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Old Oct 22, 2014, 05:26 PM
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Originally Posted by johnshannon View Post
Geoff, Maris, Bob, Brian,

I totally agree this is a very attractive engine. My wife did her interpretative translation and said the bore and stroke are 8 mm and 12 mm. I think a reasonably close set of drawings could be generated from the sectional view shown. I do have a couple of questions. How is the wrist pin held in place? It seems to be pressed into the piston. Dub and I were exceedingly unsuccessful with this on 1/2A speed engines. Secondly, how is the screw on cooling cap made to align the fins on top? With our single pointing CNC machines this is easy, but that was not in play when this engine was built.

Johnny
There is no problem with a pressed-in pin/cast iron piston setup. Many successful diesels use this method of pin retention.

It may not be possible to assemble the Argentinian MAX engine with a pressed- in pin, as the crankcase height will not allow the assembled piston/rod/pin sufficient rearward movement (at TDC) . The way to go here would be a floating pin. It appears that the single tfr passage in the case is at the rear and the use of two drilled tfr ports as in a Mills, mentioned in the text anyway, would allow an unbroken cylinder wall to maintain the pin in place.

If there is any interest, I can prepare a dimensioned mechanical layout for the MAX, based closely on the information available. This would leave the crankcase, finned head etc for others to interpret.

I do think the MAX has a lot of charm and would be a lovely little diesel for sport FF or RC.

David Owen
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Old Oct 22, 2014, 05:35 PM
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It's not that hard to do Johnny , I made 5 muffs for some Spary 5cc deisels we built as a team and each of those turned out exact . Except for one that my son ( world champion machinist , and he is ) did to show me the right way , wrong depth on the first cut and didn't lock it right down on the mandrel ,deep 1/16 groove right thru the comp screw hole and about 15degees off angle . That one went on my engine ,just to remind him when he forgets .
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Old Oct 22, 2014, 05:55 PM
DJS Johnny
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United States, TX, Houston
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Argentine Engine

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Originally Posted by Geoff Potter View Post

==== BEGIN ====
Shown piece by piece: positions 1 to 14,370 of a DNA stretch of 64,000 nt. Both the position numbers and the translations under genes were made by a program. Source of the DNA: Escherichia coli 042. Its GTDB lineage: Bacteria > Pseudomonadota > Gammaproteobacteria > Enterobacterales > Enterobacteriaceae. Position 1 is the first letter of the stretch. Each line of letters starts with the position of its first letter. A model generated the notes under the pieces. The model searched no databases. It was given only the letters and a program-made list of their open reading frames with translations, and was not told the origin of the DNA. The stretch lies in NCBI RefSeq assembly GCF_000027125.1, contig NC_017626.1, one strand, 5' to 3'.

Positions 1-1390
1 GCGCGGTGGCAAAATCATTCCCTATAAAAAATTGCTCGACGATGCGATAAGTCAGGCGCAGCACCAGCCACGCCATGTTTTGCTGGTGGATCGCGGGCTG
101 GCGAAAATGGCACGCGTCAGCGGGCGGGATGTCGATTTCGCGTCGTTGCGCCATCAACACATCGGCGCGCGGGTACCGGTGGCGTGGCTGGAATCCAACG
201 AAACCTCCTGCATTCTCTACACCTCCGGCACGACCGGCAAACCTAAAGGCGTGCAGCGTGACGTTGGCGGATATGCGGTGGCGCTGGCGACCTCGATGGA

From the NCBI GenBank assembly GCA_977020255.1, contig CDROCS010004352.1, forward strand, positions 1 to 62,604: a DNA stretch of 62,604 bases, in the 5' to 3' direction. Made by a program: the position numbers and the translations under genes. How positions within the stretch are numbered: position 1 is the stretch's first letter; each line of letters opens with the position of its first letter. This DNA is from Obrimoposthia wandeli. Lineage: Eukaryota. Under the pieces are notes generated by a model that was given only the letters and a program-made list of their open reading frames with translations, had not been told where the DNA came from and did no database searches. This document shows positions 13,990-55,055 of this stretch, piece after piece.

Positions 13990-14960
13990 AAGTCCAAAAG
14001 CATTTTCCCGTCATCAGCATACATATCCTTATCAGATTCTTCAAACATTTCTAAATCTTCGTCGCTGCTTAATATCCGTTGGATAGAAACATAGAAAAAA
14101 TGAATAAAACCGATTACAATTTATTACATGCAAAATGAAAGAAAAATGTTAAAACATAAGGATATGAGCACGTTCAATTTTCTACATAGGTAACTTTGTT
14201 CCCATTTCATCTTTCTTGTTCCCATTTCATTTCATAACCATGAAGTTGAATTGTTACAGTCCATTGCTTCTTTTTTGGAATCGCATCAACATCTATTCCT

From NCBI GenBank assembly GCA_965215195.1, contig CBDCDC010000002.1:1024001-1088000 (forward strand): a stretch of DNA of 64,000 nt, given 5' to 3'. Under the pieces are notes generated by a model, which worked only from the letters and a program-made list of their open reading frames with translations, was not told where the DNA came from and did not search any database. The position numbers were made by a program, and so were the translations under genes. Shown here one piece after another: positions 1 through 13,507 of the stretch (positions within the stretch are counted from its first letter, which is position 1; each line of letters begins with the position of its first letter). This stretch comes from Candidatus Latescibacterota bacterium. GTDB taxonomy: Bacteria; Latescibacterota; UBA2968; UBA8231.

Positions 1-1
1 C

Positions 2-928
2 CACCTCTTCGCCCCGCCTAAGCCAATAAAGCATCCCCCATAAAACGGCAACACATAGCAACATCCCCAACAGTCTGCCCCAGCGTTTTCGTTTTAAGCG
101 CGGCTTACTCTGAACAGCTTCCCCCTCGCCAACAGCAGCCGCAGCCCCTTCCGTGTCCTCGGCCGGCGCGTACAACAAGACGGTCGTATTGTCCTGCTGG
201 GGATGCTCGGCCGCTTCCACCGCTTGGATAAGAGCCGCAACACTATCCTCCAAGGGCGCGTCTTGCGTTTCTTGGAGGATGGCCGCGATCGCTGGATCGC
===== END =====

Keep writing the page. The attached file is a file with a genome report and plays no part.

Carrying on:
I don't read Argentinian ,but if one blows up the print you can actually follow the article very well . I would like to have a go at one particularley on a share basis where one makes this and another makes that and then put all the bits together to make 4/5 engines ,one for each participant . Would be a good exercise ,but would need to size it properly before cutting metal . Maybe drawings ,then 3D plastic to start , Browny needs a project to start for his new machine . I could do the p/L/Contra ,and crank , and sand castings from patterns ,I don't think it's machined from billit . I will also see if FFWCHAMP Roy S knows the guy in Argint . that did the article ,there might be one over there that can be measured ,if only for me to build . Geoff.
Geoff,

I would be in for a team effort! The parts you signed up for are by far the most difficult. I can do any of the other parts. That tank looks like a good CNC lathe part! I would suggest you find out who is interested and then parse out the work based on your experience.

On the design: I think the pictures and the Clinica de Motores article is for an engine built from barstock (no casting) and I would suggest this approach. I think the most difficult part will be the mating threads. For production work we use go no-go gages to endure all the parts go together. Additionally, we mate parts during each run. Maybe we are shooting for a bit better fit than normal, but it seems to work. Who can do English and/or metric threads is important. The backplate/case and cylinder/fins seem to be the critical interfaces. The engine article also has a round mounting plate.

Johnny
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Old Oct 22, 2014, 06:02 PM
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Welcome Back, David Owen ! (sabre250) Can we expect a rundown of the highlights of your overseas trip, Dave ?
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Old Oct 22, 2014, 06:10 PM
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A Star for Gluehand
So they came in bags...? ....didn't know that. That's still "NIB" though...


BTW: I've moved our "underwater activity" to HERE